The more things change, the more they remain the same.
Jorge Posada is 50 years old now. He played his last big league game nine years ago, the culmination of 17 years in the Majors with the Yankees, which included five World Series rings, five All-Star appearances and five Silver
The more things change, the more they remain the same.
Jorge Posada is 50 years old now. He played his last big league game nine years ago, the culmination of 17 years in the Majors with the Yankees, which included five World Series rings, five All-Star appearances and five Silver Slugger Awards. It’s been more than three decades since Leon Wurth -- the area scout who signed him -- laid eyes on him, but there’s still one thing Wurth would take from Posada and instill in every player, if he could.
“His competitive nature,” Wurth said. “His ability to focus. One-hundred and sixty-two games are a lot. It doesn’t seem like much, but he had an ability to maintain that focus throughout. Every time I saw him play -- and it wasn’t just because I was there, some games he didn’t know I was there -- every at-bat, he was able to maintain his focus and intensity, and mentally that’s hard to do. His competitive nature and his drive were impressive, to a point that you just don’t see all the time.”
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|John Manuel, Twins |
|Matt Bischoff, Blue Jays |
|Cody Clark, Royals |
|Andrew Tinnish, Blue Jays |
|Shawn Hill, Yankees |
|Paul Mirocke, Tigers |
|Don Lyle, Indians |
|Jamie Lehman, Blue Jays |
|Walt Burrows, Twins |
|Alex Agostino, Phillies |
|Ron Rizzi, Nationals |
Right place, right time
Wurth inherited Posada back in the draft-and-follow days. After graduating from Colegio Alejandrino, his high school in Puerto Rico, Posada went to Calhoun Community College in Alabama and in 1989, the Yankees selected him in the 43rd round of the Draft, following him into his sophomore year. The area scout had his sights set on the young shortstop from the first glimpse he got of him, when Posada’s squad came to play against a junior college just outside of Nashville, where Wurth was living at the time.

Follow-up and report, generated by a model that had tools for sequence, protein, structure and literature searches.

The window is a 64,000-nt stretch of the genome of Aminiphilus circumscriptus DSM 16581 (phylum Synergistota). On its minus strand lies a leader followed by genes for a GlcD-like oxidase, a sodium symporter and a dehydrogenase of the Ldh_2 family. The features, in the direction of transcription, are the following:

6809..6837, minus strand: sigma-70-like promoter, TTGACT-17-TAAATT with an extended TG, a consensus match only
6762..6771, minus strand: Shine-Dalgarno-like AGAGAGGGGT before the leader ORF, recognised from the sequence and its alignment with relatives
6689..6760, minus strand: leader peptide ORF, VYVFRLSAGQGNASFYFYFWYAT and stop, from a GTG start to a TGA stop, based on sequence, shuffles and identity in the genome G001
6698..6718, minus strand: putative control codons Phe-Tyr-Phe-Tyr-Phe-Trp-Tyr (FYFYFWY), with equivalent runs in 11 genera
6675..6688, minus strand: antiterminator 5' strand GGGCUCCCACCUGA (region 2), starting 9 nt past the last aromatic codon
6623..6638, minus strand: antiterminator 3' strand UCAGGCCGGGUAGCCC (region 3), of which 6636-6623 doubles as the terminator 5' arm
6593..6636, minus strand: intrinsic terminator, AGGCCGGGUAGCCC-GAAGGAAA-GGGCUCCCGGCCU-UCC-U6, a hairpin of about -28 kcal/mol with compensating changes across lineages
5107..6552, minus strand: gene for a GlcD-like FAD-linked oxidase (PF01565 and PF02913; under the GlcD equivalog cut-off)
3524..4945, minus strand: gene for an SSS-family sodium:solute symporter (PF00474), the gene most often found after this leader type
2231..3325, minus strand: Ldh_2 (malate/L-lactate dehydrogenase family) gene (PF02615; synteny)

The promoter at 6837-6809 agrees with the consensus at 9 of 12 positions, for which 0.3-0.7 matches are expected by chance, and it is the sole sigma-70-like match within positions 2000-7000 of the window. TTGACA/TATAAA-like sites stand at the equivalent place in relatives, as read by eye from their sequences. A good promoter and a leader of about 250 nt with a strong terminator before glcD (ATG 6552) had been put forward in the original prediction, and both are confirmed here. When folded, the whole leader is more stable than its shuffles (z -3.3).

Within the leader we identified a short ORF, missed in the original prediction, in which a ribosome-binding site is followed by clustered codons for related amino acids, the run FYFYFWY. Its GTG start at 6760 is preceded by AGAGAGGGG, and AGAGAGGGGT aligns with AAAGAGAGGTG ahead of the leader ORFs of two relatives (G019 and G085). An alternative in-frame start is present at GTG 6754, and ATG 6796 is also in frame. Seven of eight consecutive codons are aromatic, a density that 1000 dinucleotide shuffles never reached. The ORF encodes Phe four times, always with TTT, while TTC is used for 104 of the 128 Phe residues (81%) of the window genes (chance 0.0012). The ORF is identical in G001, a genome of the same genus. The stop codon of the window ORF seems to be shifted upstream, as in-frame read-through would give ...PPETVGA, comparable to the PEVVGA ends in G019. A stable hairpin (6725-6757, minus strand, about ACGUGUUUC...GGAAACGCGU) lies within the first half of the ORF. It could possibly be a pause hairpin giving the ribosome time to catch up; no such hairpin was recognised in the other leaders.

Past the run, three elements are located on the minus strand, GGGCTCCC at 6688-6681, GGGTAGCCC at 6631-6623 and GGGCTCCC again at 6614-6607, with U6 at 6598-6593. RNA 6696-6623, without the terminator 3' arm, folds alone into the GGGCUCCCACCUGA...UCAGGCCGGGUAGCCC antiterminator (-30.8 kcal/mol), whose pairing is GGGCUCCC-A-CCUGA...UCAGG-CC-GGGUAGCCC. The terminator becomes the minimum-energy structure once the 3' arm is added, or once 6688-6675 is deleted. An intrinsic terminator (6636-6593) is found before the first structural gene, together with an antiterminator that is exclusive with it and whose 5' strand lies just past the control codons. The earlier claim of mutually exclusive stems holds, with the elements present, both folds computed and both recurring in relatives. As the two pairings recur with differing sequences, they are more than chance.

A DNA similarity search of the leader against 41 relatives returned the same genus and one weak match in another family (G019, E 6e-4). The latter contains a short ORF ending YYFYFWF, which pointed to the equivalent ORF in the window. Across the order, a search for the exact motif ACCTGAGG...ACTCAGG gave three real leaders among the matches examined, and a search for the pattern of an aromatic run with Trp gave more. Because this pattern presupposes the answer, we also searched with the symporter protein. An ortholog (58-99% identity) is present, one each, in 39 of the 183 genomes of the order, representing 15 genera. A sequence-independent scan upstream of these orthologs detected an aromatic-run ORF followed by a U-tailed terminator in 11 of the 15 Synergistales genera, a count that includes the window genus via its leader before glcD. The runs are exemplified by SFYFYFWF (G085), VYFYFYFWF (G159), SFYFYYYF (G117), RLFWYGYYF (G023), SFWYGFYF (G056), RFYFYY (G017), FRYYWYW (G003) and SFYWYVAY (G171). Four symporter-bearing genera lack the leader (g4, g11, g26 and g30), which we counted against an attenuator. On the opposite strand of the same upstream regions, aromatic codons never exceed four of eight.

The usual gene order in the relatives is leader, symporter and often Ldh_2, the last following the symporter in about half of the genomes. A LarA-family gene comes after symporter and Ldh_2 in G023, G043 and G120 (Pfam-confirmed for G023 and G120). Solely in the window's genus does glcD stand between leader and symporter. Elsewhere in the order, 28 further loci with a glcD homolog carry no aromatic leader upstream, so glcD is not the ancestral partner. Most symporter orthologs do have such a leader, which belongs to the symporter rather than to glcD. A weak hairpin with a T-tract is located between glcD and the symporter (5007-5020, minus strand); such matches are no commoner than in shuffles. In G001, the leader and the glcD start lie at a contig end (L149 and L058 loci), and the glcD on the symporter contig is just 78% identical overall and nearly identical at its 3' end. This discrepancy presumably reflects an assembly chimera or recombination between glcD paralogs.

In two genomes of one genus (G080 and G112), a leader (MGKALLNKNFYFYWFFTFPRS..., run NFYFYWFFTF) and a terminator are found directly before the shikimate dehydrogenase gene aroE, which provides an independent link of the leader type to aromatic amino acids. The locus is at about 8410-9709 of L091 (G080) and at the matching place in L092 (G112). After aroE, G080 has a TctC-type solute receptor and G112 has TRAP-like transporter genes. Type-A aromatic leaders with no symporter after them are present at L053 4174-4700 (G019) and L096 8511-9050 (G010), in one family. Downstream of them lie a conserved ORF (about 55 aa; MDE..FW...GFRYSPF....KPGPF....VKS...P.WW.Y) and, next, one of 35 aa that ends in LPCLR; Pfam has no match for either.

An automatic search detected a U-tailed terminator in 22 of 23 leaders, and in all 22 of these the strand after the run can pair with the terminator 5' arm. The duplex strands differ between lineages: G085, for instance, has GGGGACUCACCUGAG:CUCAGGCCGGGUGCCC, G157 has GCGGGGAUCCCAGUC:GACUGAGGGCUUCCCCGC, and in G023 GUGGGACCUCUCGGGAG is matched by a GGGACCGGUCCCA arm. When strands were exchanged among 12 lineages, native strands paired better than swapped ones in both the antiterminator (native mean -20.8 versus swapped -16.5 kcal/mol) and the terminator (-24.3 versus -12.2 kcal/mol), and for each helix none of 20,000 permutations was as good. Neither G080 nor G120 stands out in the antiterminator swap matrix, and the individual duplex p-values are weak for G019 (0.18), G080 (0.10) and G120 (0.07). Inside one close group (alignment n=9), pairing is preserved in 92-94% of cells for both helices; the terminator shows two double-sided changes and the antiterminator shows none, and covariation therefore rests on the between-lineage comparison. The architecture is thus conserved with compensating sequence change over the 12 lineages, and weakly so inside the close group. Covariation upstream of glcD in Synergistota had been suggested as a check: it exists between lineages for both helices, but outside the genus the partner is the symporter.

Claiming just to be “in the right place at the right time,” Wurth saw Posada homer from both sides of the plate in his team’s doubleheader, also showing plenty of arm and good actions on the infield.
“His skillset was advanced,” Wurth said. “He knew how to field a ground ball and do different things of that nature. And he had a really good day. But particularly in amateur ball, you’ve got to know when a kid’s having a bad day or a good day and whether that’s what he’s going to be. But Jorge had a very good day.”
It was a bright spot in a less-than-stellar sophomore season for Posada, but over time, Wurth believed there was a lot to like, beyond the numbers.
“He had a pride about him that he didn’t want to get beat,” the scout said. “And he just liked to compete. He was very competitive. I would watch players when they struck out to see how they reacted. A lot of really good high school players are used to competing and winning, and they get to the Minor Leagues and they’re facing the best competition they’ve ever faced.
“They’re going to fail; baseball’s a failure game. And I would watch their reactions. If Jorge struck out, the next time up you would see a look in his eyes. When he was on deck, you knew he was not going to do that again. That’s what you look for.”